A peace bond is a court order imposed by a judge in a criminal proceeding. Agreeing to a peace bond or having one imposed on you can have significant legal consequences. The following article attempts to explain the law surrounding peace bonds in Canadian criminal cases.
Frequently asked questions about peace bonds:
- What is a peace bond?
- How long does a peace bond last?
- What happens if a person violates the terms of a peace bond?
- Can a person go to jail for violating a peace bond?
- When would someone agree to a peace bond?
- Does signing a peace bond mean a person is admitting they committed the crime underlying the bond?
A peace bond is an official promise made by someone to the Court to abide by certain rules. Usually those rules require a person to “keep the peace and be of good behaviour” and may also require them to refrain from contacting an individual, attending a particular location or from possessing a weapon for a specified period of time.
A peace bond under s. 810 of the criminal code can last up to 12 months.
A peace bond is a court order and it is a criminal offence to intentionally violate any of the terms contained in the order. Those alleged to have violated a peace bond may be charged and prosecuted for the crime. The offender may also be required to pay a monetary amount stipulated on the bond if they are found guilty. Typically the monetary amount attached to the bond ranges from 500-2000 dollars.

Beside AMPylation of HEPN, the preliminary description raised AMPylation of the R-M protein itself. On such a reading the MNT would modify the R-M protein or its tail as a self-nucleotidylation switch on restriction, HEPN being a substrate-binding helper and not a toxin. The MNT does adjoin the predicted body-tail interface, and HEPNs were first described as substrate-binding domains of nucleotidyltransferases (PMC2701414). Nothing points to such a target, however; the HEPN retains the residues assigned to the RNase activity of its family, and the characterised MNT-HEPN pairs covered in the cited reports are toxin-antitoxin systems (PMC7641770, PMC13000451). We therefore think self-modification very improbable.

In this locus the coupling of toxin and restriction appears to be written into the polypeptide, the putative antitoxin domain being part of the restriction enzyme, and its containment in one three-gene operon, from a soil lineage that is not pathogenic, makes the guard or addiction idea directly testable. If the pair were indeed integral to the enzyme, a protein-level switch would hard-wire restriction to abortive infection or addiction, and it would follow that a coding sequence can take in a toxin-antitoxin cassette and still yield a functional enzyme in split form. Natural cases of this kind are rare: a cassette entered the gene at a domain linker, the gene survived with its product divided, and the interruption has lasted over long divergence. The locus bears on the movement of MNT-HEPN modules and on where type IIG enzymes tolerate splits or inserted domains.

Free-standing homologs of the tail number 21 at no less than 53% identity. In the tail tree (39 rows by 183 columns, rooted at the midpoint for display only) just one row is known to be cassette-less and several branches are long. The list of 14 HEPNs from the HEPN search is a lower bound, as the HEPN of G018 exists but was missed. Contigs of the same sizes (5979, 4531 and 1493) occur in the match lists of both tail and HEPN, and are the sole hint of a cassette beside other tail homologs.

The maximum penalty for violating a peace bond is four years in jail where the crown proceeds by indictment or 18 months in jail where the crown prosecutes the case by way of summary conviction.
Sometimes the prosecutor will agree to withdraw criminal charges in exchange for having the accused enter into a peace bond. This is a common occurrence in domestic assault related cases where the prosecutor decides not to prosecute the criminal charge(s). Read my article on domestic assault for more information on the topic.
A person who signs a peace bond is not required to acknowledge any criminal wrongdoing before signing the bond. It is not an admission of guilt nor will it result in a criminal record.
By signing the bond, the accused person is only agreeing that in the circumstances of the case, the alleged complainant subjectively had reasonable grounds to fear for his or her safety, or his or her spouse or child’s safety, or fear damage to his or her property.
For more information on peace bonds and other criminal law related issues, call Daniel Brown to arrange a consultation at (416) 297-7200.